Friday, December 23, 2016

Christmas Story

“Hello Mayor Mayer,” Tom said, shaking hands with the Mayor. “I’m Tom Builder and I’ve come to your town to build houses.”
Mayor Mayer pushed his glasses up on his big, red nose, put his hands on his big, fat hips, and said in his little squeaky voice, “We have plenty of houses already, mister… what did you say your name was?”
“Builder, Tom Builder. Are you sure you don’t need a few more houses, Mr. Mayor?”
Mayor Mayer leaned forward and looked Tom Builder right in the eye and said, “Look Mr. Builder, we have houses of every description here in Eltopia. We have big houses, we have little houses, we have wood houses, and we have brick houses, we have one story houses, and we have two story houses, why, heck, we even have a three story house. That’s my house,” said the mayor, with a satisfied smile.
When Tom Builder got back to the hotel he told his wife, Hilder, what the mayor had said. “Gosh, Hilder, I don’t know what to do. There’s no work for me building houses here in Eltopia. How will I make enough money to take care of you, and little Milder and Gilder?”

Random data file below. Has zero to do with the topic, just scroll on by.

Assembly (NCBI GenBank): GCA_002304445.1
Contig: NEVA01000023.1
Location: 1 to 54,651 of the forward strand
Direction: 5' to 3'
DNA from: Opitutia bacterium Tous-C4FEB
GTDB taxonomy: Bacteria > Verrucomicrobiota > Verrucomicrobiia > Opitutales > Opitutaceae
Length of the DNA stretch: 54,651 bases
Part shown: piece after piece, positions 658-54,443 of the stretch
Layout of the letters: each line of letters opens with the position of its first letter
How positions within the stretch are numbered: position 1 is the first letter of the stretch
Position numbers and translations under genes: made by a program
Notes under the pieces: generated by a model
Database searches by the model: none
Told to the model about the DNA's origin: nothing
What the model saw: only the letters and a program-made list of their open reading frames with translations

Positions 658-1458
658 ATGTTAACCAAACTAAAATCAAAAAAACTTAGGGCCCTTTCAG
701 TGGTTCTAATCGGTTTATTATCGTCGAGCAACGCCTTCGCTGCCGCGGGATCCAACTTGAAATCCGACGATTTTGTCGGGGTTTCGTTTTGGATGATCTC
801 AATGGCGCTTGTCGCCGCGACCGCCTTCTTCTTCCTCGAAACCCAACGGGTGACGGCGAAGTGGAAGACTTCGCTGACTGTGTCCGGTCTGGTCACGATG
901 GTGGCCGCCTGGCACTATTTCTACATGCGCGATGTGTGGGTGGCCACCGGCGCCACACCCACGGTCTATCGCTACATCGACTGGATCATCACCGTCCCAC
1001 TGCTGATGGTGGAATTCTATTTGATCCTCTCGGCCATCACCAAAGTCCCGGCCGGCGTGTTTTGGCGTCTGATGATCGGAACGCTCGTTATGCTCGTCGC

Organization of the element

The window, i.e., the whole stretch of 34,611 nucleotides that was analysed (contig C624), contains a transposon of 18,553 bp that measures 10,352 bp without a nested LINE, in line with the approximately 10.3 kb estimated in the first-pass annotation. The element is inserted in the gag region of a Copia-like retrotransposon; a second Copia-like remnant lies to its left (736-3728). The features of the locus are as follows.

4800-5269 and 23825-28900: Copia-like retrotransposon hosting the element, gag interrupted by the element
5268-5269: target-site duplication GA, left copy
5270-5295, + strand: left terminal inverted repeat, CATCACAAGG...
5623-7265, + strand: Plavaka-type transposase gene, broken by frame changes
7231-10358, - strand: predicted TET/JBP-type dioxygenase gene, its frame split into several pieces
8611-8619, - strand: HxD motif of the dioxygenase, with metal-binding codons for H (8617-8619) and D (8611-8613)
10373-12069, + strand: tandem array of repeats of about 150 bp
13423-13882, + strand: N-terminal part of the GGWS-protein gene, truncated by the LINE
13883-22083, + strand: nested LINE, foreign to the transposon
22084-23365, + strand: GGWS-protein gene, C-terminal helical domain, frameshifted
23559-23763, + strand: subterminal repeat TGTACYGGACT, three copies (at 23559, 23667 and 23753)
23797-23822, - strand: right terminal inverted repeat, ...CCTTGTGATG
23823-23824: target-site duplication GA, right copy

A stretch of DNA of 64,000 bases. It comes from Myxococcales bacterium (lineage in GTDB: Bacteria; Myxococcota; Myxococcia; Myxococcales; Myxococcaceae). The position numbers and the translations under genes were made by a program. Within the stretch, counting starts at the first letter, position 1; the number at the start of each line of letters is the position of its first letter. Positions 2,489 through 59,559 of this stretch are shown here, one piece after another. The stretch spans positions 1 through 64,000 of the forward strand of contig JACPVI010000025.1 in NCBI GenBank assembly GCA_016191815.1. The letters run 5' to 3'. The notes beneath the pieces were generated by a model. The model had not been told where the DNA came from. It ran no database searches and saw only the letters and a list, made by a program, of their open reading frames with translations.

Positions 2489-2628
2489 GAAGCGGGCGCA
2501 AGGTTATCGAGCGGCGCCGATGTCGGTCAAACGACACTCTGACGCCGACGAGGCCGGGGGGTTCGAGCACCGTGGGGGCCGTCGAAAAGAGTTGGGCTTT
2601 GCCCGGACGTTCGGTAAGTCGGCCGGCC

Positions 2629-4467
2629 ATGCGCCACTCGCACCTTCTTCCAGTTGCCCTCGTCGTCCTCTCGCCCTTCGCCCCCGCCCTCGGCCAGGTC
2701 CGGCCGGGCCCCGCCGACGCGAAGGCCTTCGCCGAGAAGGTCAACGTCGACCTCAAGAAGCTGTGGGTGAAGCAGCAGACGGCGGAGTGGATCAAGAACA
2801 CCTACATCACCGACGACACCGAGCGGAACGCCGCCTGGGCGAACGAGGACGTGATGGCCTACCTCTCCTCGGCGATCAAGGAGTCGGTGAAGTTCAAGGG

“Don’t you worry, Tom Builder,” said Hilder. “You’ll think of something.” But Hilder was worried, too. Christmas was coming. Would she and Tom be able to buy the children presents? It’s not important, she thought. As long as we have a place to live and can put food on the table, we’ll be all right.

Thursday, December 22, 2016

Mesmerized, by Gayle Lynds

High-powered attorney Beth Convey gets a heart transplant, becomes enmeshed in a dastardly plot to assassinate the new Russian President, Vladimir Putin (the novel was published in 2001) -- right in the White House Rose Garden -- and finds herself endowed with a whole new set of skills and abilities as she fights to prevent the plot from succeeding.

Her adventures quickly team her up with Washington Post investigative reporter, undercover FBI operative, and undeniable hunk, Jeffrey Hammond. Together they battle US-embedded rogue KGB agents, anti-government American militia members, a mole in the FBI working for the Russians, and the various National Security agencies of the United States, who, as usual in these thrillers, get it all wrong.

If nothing else, Lynds manages a lively pace, but for what is basically a romance novel, there is only one sexual encounter between Beth and Jeff and it is painful to read. "He pressed his lips into her belly and tasted her, savory as buttermilk." Could be a yeast infection.